The 7th of January 2022 was only 20 minutes old when Ecuador's Geophysical Institute reported a cloud of gas and ash over the Wolf volcano, which quickly reached a height of around 3,800 meters. Lava flows then erupted on the southern and south-eastern flanks of the mountain, igniting fires in several places.
Isabela Island is not only the largest island in the archipelago, it also has six active volcanoes. Wolf volcano in the north of the island is the highest at around 1,700 meters.
While there are no inhabited areas near the volcano that was at risk from the eruption, at the time, researcher Dr. Jorge Carrión and a team of rangers were working on the rim of the volcano for a research project.
A lava flow making its way ©Galápagos National Park Handout/EPA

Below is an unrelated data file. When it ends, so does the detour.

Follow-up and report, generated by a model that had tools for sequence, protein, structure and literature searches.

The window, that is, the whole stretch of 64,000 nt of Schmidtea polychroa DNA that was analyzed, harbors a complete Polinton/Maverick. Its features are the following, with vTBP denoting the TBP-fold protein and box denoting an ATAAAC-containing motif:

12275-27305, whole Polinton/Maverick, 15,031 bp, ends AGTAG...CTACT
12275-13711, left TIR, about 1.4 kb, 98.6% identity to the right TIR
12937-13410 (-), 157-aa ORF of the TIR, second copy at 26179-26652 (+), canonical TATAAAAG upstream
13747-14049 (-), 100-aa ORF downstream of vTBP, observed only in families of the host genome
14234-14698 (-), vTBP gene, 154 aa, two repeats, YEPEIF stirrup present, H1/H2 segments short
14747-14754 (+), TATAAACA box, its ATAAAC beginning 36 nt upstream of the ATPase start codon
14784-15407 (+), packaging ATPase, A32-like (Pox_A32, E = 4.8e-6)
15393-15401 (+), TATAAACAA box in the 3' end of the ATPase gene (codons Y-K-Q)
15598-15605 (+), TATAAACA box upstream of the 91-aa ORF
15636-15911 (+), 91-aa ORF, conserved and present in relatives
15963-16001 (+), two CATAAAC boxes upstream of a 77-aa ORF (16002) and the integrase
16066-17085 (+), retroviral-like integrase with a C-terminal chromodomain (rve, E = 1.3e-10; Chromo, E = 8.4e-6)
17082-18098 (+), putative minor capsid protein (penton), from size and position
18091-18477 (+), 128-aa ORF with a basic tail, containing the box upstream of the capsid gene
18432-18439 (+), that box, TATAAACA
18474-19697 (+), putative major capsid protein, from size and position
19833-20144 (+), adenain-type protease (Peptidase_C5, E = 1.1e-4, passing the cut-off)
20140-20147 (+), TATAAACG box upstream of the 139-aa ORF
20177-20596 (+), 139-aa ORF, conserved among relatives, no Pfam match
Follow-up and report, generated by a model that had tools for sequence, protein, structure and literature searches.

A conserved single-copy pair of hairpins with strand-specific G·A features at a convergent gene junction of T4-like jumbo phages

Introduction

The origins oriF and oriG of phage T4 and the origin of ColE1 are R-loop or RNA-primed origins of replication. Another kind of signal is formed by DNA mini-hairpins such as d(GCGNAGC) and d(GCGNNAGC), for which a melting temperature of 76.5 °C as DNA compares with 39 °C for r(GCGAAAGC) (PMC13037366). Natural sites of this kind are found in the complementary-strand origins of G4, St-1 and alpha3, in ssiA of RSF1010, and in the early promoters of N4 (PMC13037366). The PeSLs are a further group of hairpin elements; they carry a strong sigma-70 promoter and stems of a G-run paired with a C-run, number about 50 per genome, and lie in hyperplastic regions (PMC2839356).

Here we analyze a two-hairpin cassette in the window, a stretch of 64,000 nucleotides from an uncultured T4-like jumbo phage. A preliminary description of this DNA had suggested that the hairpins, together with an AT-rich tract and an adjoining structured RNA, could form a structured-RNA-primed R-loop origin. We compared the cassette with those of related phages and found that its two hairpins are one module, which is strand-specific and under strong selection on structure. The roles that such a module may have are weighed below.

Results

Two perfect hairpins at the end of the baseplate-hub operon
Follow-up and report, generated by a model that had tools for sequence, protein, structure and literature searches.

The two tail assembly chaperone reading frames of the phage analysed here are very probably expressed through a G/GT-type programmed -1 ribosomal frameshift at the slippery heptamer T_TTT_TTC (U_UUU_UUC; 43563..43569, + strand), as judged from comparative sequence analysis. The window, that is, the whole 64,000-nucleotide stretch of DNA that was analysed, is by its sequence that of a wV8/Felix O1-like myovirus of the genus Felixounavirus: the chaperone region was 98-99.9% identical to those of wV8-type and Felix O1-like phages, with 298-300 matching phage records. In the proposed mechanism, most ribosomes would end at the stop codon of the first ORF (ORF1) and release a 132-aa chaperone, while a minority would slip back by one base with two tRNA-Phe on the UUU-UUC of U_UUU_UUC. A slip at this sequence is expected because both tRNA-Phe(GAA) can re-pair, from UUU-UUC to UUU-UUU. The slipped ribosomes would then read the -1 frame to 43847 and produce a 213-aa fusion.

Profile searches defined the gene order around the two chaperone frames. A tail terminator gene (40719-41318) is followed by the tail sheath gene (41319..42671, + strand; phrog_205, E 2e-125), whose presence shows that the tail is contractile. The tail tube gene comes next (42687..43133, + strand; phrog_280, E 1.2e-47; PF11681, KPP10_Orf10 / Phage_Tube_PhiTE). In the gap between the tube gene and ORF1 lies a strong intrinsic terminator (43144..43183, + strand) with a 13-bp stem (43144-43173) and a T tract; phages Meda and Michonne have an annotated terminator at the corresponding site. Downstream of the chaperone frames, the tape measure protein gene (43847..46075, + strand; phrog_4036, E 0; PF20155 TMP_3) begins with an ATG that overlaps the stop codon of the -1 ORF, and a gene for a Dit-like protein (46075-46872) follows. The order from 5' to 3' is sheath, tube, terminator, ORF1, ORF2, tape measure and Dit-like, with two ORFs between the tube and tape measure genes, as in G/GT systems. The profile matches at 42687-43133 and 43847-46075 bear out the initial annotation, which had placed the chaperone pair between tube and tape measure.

Fortunately, the group had set up their field camp at a safe distance from the outbreak site and was not directly endangered. Nevertheless, the entire team was immediately flown out by helicopter. Situations like this show us how quickly a research team can get into dangerous situations during their supposedly safe work in volcanic areas.
Until now, the lava flows have sought their way near old eruption sites with little vegetation. For this reason, volcanologists currently assume that the damage caused by resulting fires will not be permanent.
Despite this, there are fears that the population of the rare, endemic pink iguana (Conolophus marthae), whose research we are supporting through a project by Prof. Gabriéle Gentile, could be threatened by a new eruption of the volcano. In autumn 2021, counts of the pink land iguanas revealed that only around 211 animals live in their habitat on the northern slopes of the Wolf volcano.
Pink iguana © imago/Nature Picture Library